Getting Changes


Once you've created and cloned a repo you might want to get new changes to the repository. This could happen if you're making changes to the repository from multiple machines, either as an individual or if multiple people from the same team are using the same repository to collaborate.

Pull before you push

If you're working as an individual, it's rare that you'll have to pull changes. If this is the case, you might want to skip ahead to the next section saving changes, and then come back to this section when you have collaborators.
However, these docs feature "getting changes" before "making changes" because you can't push changes to a repository if your local repository isn't up to date. As a mental model, you can think about this as Git wants you to know what you're updating before you're allowed to update it.

Pulling in Desktop App (no local changes)

Pulling changes in the Desktop App if you have no local changes is straightforward.
Press Fetch Origin to check the remote repository for changes. "Fetching" simply checks the repository, it doesn't pull in the remote changes.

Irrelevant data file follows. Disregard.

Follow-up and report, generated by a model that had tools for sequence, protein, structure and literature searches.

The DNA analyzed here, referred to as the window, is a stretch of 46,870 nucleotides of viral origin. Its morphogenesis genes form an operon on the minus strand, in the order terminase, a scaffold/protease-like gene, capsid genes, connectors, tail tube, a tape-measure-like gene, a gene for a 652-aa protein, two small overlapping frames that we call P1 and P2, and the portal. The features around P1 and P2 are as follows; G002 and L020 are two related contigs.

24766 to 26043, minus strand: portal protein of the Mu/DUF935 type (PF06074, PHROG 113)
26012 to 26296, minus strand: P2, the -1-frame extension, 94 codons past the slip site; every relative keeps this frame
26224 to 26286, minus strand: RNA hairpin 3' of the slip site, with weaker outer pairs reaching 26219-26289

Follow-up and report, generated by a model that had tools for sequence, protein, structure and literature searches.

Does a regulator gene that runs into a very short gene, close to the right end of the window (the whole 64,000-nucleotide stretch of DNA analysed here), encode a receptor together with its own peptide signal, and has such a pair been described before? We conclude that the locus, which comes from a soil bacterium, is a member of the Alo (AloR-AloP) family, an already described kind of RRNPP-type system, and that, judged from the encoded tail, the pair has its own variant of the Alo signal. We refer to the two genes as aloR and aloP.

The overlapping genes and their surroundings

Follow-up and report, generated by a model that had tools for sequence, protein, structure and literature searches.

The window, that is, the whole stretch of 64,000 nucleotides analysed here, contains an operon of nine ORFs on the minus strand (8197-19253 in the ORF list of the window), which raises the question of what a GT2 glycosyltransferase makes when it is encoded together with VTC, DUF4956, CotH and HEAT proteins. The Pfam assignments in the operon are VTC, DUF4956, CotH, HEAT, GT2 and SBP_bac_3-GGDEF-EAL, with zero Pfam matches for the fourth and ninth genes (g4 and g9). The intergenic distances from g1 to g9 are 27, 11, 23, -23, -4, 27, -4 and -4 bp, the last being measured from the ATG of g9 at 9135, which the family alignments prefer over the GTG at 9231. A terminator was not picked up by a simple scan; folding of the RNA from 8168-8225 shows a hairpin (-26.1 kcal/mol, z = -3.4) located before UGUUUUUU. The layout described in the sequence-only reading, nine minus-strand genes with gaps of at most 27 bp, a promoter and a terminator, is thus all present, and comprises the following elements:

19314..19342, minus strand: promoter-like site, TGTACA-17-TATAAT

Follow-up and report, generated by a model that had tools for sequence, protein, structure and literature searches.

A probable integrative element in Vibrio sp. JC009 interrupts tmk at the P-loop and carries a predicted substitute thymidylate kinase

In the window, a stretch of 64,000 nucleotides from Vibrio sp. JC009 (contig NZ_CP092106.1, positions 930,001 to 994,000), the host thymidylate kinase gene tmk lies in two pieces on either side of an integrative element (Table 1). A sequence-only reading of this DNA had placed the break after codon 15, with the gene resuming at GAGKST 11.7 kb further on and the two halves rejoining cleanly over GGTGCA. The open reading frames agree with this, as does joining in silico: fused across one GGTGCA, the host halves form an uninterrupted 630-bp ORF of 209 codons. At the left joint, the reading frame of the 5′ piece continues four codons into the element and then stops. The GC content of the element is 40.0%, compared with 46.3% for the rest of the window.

Press Pull Origin to pull the changes from the remote repository. "Pulling" actually pulls the remote changes into your local repository (or file system)
You might notice some additional language here. Don't worry about that for now. This is more relevant if you are using the advanced feature, branching.

Pulling in Desktop App (with local changes)

In the case where you have made some change locally and someone has already made a change, the Desktop app is pretty smart and will do a lot of work for you.
Follow the normal steps to commit a change from saving changes. When the desktop app prompts you to pull in remote changes, click Pull Changes.
Then press Push Origin to push the changes to remote.
You'll notice an extra commit that records the fact that you "merged" the remote changes into local. Git is append-only, so no change happens without some record. This is a good feature, as it makes it much harder to break things.

Merge Conflicts

Sometimes when you attempt to pull, you'll discover that you've modified a file that someone else has already modified. You'll get the following warning.
You'll want to select your local version of the (the option NOT prefixed with origin/) and merge the files in. This will create a new commit. You can then go to the history tab to understand what you changed. We recommend you create another commit with the changes from remote you overrode before pushing.
However, we recognize this is kind of messy, and part of the reason we recommend that you begin to use branching and merging and the pull request flow, which makes it much cleaner to compare changes and resolve merge conflicts.